Synopses & Reviews
The commercial world of South Texas between 1880 and 1940 provided an attractive environment for many seeking to start new businesses, especially businesses that linked the markets and finances of the United States and Mexico. Entrepreneurs regularly crossed the physical border in pursuit of business.and#160;
But more important, more complex, and less well-known were the linguistic, cultural, and ethnic borders they navigated daily as they interacted with customers, creditors, business partners, and employees.
Drawing on her expertise as a bankruptcy lawyer, historian Alicia M. Dewey tells the story of how a diverse group of entrepreneurs, includingand#160;Anglo-Americans, ethnic Mexicans, and European and Middle Eastern immigrants, created and navigated changing business opportunities along the Texas-Mexico border between 1880 and 1940.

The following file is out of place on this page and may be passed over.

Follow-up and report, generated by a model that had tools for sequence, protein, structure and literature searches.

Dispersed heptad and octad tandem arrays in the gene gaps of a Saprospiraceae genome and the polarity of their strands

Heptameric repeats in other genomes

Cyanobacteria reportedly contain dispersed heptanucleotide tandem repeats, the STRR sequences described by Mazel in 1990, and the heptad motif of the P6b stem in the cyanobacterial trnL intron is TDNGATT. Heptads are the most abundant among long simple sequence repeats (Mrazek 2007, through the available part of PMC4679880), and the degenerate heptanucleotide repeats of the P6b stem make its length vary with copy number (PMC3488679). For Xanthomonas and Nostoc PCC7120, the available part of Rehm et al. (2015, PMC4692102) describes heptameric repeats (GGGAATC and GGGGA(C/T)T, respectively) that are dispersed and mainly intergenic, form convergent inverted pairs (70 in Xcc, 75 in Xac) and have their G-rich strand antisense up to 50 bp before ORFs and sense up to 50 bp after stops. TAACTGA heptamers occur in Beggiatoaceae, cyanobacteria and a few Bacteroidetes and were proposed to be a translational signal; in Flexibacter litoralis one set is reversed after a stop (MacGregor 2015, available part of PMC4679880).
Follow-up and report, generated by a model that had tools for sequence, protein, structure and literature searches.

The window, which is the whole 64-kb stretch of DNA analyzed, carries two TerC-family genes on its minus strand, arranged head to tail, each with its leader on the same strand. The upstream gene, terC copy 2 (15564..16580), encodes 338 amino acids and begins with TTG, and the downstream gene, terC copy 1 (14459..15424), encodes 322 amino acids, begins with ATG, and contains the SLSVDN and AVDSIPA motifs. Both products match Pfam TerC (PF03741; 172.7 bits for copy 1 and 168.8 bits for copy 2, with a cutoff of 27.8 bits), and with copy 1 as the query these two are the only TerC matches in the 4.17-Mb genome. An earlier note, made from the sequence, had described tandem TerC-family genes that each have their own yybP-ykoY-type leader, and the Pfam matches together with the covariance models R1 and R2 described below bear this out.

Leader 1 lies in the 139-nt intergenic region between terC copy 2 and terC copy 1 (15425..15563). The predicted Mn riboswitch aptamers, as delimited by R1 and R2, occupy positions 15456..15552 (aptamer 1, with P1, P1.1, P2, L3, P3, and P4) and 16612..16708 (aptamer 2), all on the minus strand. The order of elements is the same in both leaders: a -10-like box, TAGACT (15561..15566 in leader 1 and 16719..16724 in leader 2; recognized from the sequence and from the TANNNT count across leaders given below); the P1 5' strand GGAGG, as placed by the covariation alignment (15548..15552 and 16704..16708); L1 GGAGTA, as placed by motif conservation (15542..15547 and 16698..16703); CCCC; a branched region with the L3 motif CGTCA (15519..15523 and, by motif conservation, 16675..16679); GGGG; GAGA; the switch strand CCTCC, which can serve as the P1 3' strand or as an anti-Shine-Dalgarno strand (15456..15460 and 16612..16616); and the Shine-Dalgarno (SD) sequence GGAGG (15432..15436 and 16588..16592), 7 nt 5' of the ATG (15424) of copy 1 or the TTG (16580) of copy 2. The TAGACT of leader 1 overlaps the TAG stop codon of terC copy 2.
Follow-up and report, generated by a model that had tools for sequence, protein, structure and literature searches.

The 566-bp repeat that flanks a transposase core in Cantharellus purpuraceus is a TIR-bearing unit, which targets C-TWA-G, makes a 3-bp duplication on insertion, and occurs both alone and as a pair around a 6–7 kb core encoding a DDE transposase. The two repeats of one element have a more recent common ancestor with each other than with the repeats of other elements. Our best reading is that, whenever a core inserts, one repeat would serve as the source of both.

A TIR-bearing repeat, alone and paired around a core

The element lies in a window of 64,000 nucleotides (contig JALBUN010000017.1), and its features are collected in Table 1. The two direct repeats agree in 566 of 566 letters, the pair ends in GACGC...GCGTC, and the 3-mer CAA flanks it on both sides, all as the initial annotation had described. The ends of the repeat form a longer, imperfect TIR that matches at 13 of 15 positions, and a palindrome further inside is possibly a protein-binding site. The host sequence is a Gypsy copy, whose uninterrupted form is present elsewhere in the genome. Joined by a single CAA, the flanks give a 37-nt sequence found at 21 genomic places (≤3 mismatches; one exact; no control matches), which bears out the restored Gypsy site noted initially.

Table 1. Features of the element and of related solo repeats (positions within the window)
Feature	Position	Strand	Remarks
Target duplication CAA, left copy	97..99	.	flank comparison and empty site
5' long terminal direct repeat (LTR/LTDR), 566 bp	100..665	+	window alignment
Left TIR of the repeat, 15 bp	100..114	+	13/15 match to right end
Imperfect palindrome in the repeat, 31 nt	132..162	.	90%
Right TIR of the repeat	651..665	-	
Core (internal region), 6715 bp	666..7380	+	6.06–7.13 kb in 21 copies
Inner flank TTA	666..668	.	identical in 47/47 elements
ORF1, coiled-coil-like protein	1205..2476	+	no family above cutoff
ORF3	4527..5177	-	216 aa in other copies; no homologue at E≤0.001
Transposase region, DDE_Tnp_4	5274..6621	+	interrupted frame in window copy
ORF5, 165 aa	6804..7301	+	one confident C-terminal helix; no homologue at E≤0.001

This bookand#160;enriches the study of the US-Mexican borderlands by examining cooperation and collaboration in pursuit of profit, demonstrating that there was more to the region during this period than simmering conflict, class stratification, and racial prejudice. There was also the enduring pursuit of pesos and dollars.
About the Author
ALICIA M. DEWEY is an associate professor of history at Biola University in La Mirada, California.